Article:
A Vindication of the Rights of Woman
“Taught from infancy that beauty is woman’s sceptre, the mind shapes itself to the body…”
In [A Vindication of the Rights of Woman], Wollstonecraft responds to those educational and political theorists of the 18th century who believed that women should not receive a rational education. She argues that women’s education ought to match their position in society, and that they are essential to the nation because they raise its children and could act as respected “companions” to their husbands.
Wollstonecraft maintains that women are human beings deserving of the same fundamental rights as men, and that treating them as mere ornaments or property for men undercuts the moral foundation of society.
Mary Wollstonecraft was a moral and political philosopher whose analysis of the condition of women in modern society retains much of its original radicalism…
Her first publication was on the education of daughters; she went on to write about politics, history and various aspects of philosophy in a number of different genres that included critical reviews, translations, pamphlets, and novels.
Best known for her Vindication of the Rights of Woman (1792), her influence went beyond the substantial contribution to feminism for which she is mostly remembered and extended to shaping the art of travel writing as a literary genre; through her account of her journey through Scandinavia as well as her writings on women and thoughts on the imagination, she had an impact on the Romantic movement.
-Stanford Encyclopedia of Philosophy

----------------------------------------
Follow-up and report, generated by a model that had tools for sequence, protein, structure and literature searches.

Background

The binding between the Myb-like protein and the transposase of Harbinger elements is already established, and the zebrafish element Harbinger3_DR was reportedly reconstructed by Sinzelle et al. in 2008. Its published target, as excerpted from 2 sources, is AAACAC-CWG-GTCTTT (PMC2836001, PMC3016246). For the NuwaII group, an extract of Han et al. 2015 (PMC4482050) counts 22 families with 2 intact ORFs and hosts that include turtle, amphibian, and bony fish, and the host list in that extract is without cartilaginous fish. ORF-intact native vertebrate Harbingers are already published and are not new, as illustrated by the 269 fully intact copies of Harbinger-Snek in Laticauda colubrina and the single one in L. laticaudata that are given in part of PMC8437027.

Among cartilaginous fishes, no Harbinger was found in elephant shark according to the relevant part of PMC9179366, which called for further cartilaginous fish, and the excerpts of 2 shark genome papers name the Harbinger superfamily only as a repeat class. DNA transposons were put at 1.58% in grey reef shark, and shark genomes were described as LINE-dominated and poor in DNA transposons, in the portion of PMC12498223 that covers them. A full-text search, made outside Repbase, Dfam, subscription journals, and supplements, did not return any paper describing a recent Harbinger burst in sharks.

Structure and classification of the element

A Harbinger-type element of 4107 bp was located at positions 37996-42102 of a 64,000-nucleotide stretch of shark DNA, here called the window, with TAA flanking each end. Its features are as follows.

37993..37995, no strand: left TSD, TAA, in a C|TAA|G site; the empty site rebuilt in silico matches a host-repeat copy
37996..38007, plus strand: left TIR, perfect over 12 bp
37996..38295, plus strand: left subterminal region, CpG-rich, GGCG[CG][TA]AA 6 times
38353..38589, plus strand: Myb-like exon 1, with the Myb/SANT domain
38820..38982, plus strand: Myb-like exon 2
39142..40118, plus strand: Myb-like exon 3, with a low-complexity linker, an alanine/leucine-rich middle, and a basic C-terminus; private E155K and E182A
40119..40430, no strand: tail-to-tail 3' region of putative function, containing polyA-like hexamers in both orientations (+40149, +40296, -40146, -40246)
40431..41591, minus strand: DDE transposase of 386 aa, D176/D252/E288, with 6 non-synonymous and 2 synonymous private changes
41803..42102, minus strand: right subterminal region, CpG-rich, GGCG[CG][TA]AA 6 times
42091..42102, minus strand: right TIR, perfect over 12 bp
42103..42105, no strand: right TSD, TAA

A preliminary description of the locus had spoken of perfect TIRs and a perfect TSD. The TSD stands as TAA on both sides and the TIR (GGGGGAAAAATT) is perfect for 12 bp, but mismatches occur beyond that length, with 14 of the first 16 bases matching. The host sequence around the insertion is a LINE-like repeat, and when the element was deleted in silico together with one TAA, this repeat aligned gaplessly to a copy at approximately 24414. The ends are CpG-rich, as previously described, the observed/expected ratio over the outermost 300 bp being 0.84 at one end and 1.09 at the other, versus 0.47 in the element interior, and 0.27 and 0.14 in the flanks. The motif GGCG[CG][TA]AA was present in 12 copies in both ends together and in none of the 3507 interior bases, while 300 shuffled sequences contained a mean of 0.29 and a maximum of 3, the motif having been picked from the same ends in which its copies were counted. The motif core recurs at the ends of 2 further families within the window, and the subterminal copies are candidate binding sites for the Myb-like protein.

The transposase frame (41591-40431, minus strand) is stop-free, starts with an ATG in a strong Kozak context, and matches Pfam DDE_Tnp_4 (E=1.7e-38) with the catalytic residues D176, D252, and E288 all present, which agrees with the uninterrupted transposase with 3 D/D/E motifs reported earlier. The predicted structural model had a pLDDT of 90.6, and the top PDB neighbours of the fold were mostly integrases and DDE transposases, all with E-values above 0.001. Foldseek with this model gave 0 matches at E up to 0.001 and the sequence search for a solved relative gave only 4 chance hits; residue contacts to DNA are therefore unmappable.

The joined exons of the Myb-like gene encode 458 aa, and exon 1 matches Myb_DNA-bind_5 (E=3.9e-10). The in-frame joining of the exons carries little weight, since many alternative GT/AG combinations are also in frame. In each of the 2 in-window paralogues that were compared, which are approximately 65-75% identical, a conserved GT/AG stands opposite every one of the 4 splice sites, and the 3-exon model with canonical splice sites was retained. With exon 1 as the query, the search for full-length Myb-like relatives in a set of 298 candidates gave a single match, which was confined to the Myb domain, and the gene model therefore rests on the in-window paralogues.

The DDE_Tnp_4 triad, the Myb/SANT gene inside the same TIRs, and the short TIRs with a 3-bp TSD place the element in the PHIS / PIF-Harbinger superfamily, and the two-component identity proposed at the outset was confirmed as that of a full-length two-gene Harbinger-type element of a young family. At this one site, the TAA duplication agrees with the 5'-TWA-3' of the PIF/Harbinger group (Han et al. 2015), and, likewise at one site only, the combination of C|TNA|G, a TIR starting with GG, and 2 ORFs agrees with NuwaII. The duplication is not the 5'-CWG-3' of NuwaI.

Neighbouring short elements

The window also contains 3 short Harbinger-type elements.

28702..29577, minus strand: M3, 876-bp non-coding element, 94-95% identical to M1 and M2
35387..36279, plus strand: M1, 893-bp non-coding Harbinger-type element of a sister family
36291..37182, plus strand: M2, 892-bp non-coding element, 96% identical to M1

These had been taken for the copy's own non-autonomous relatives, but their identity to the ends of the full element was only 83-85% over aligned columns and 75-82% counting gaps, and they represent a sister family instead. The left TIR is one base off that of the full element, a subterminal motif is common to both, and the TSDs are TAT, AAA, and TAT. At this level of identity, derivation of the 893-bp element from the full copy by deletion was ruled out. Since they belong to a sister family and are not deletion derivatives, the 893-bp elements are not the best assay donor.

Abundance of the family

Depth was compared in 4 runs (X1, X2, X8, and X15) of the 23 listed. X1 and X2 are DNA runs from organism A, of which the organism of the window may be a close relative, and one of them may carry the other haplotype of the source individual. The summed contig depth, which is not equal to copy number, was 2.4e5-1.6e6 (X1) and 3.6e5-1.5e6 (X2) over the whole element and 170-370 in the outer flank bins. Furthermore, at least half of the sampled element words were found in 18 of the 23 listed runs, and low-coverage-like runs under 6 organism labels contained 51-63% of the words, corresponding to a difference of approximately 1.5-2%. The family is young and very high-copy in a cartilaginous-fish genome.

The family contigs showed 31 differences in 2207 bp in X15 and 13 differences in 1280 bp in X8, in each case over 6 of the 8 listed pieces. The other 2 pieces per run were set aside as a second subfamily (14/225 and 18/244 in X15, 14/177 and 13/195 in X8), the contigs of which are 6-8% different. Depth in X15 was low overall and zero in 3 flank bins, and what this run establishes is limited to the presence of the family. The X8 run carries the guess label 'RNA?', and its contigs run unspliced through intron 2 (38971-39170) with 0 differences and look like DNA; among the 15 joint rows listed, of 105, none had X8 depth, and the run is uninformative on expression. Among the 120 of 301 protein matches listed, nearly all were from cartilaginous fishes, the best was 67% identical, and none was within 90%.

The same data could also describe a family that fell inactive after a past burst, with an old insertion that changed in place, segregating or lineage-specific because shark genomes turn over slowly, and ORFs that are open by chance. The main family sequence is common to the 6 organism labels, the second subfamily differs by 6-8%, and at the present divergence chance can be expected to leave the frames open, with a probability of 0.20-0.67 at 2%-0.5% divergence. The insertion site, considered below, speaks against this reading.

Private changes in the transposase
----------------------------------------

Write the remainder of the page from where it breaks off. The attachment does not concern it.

Our Guest: Dr. Meagan Cahoon Alder
Dr. Meagan Cahoon Alder is a licensed Marriage and Family Therapist in Pittsburgh, Pennsylvania. She is in private practice and works primarily with couples. She studied psychology in undergrad and went on to receive a Master’s degree in Marriage and Family Therapy in 2005. Ten years later, she went back to school and got a PhD, specializing in trauma and couple relationships. She is married to her best friend and they have three children together. Her mother, who is battling cancer, lives with them and together this three generation household keeps her on her toes. When she is not working or family-ing, she would ideally be watching live musical theater.
This book absolutely blew my mind – I read it three times. Overlaps a little with Eisler, but goes way deeper and travels farther forward in history. This book Just the other day someone told me that there were fewer women in STEM fields because women’s brains can’t do Math. I replied, “Well, Mary Wollstonecraft says, ‘It cannot be demonstrated that woman is essentially inferior to man, because she has always been subjugated.” Wollstonecraft’s book is full of useful sound bites on relevant topics including nature vs. nurture, reason vs. emotion, and the role of beauty. And discussing these issues with razor-witted marriage and family therapist Meagan Cahoon Alder made the discussion especially rich.
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